These days, it seems like you can't go more than a few hours without hearing the word "green" thrown around. "Going green" is shorthand for a person or organization taking steps to help out the environment. There are hundreds of ways a household or company can go green, and some are less expensive than others.
Using sustainable building materials is a great way a developer or homeowner can help reduce their environmental footprint. Changing out old appliances for more efficient models or beefing up the insulation is another way. Switching to solar or wind power or choosing from a number of alternative heating and cooling sources are more expensive options.
These methods generally cost some serious up-front money and pay off financially in the long term. But going green doesn't have to mean expensive retrofits. Simply recycling and composting your waste, using low VOC paint or adding weather stripping to drafty windows can help reduce the carbon footprint of your home or office. Many new buildings and homes are striving to achieve Leadership in Energy and Environmental Design (LEED) certification, a green building ratings system devised by the U.S. Green Building Council (USGBC).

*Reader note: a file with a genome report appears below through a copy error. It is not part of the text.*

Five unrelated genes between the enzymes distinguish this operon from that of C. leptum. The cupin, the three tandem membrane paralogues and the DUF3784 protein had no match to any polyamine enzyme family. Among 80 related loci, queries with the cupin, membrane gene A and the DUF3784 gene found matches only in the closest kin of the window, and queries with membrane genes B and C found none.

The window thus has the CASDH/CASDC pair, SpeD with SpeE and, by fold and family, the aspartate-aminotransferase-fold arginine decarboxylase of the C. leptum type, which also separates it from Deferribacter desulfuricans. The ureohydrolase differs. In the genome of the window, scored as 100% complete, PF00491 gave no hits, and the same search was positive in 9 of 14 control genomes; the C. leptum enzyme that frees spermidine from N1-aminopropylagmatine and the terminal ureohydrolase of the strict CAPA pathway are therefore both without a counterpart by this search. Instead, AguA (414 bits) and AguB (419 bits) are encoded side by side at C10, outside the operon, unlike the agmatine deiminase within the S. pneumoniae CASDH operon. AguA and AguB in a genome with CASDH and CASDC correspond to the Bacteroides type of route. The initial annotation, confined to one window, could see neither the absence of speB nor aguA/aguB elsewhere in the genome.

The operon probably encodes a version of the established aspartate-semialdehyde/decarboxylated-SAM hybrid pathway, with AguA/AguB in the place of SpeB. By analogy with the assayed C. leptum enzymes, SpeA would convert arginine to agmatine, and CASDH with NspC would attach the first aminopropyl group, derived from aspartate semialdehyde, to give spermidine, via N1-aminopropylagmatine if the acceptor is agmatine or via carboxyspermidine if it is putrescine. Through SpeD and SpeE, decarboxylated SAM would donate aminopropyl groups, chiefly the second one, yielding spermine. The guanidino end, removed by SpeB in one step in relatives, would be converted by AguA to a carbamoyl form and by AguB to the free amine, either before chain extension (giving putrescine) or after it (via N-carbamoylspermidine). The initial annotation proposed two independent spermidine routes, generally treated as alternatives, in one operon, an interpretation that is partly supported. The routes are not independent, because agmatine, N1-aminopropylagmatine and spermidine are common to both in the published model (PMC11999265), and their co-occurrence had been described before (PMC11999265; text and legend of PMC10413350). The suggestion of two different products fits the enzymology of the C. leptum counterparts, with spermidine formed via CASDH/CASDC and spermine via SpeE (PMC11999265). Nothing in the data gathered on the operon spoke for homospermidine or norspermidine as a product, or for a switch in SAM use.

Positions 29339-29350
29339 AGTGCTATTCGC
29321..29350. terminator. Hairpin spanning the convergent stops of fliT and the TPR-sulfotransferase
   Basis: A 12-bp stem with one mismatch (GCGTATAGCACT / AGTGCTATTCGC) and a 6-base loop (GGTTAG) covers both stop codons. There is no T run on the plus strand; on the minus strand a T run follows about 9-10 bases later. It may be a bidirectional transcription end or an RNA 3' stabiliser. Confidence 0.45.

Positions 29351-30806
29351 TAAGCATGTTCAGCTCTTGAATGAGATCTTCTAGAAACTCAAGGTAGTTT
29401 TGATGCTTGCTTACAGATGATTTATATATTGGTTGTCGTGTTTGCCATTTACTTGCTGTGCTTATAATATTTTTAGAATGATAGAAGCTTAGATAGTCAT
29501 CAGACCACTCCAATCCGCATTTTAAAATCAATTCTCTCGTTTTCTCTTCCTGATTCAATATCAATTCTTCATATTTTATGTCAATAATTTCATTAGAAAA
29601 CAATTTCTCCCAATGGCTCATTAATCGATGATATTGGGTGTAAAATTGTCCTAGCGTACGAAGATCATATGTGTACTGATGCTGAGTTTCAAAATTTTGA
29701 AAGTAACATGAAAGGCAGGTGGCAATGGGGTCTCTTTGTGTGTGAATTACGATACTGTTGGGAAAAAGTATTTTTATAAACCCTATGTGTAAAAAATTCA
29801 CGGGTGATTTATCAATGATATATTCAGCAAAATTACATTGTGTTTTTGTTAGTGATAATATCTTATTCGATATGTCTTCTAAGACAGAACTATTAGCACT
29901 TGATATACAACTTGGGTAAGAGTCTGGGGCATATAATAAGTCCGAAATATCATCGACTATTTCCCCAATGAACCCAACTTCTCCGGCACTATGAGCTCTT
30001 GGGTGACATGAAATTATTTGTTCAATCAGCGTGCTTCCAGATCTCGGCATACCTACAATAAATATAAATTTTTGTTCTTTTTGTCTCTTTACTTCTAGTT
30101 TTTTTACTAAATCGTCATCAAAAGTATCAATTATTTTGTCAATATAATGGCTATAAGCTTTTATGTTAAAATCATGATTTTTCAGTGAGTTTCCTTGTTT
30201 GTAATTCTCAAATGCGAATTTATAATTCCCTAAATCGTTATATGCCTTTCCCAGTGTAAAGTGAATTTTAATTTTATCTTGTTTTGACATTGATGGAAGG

All these efforts by homeowners and commercial builders are leading the way to help preserve the future of our planet. But there's a large segment of society that seems to be overlooked in the green movement: the tenants. In late 2007, the United States Census Bureau estimated that there were 110.3 million occupied households. Thirty-five million of these households were inhabited by renters [source: census.gov]. Tenants who want to reduce their footprint are largely on their own, but there are some interesting new incentives all over the world encouraging landlords to go green.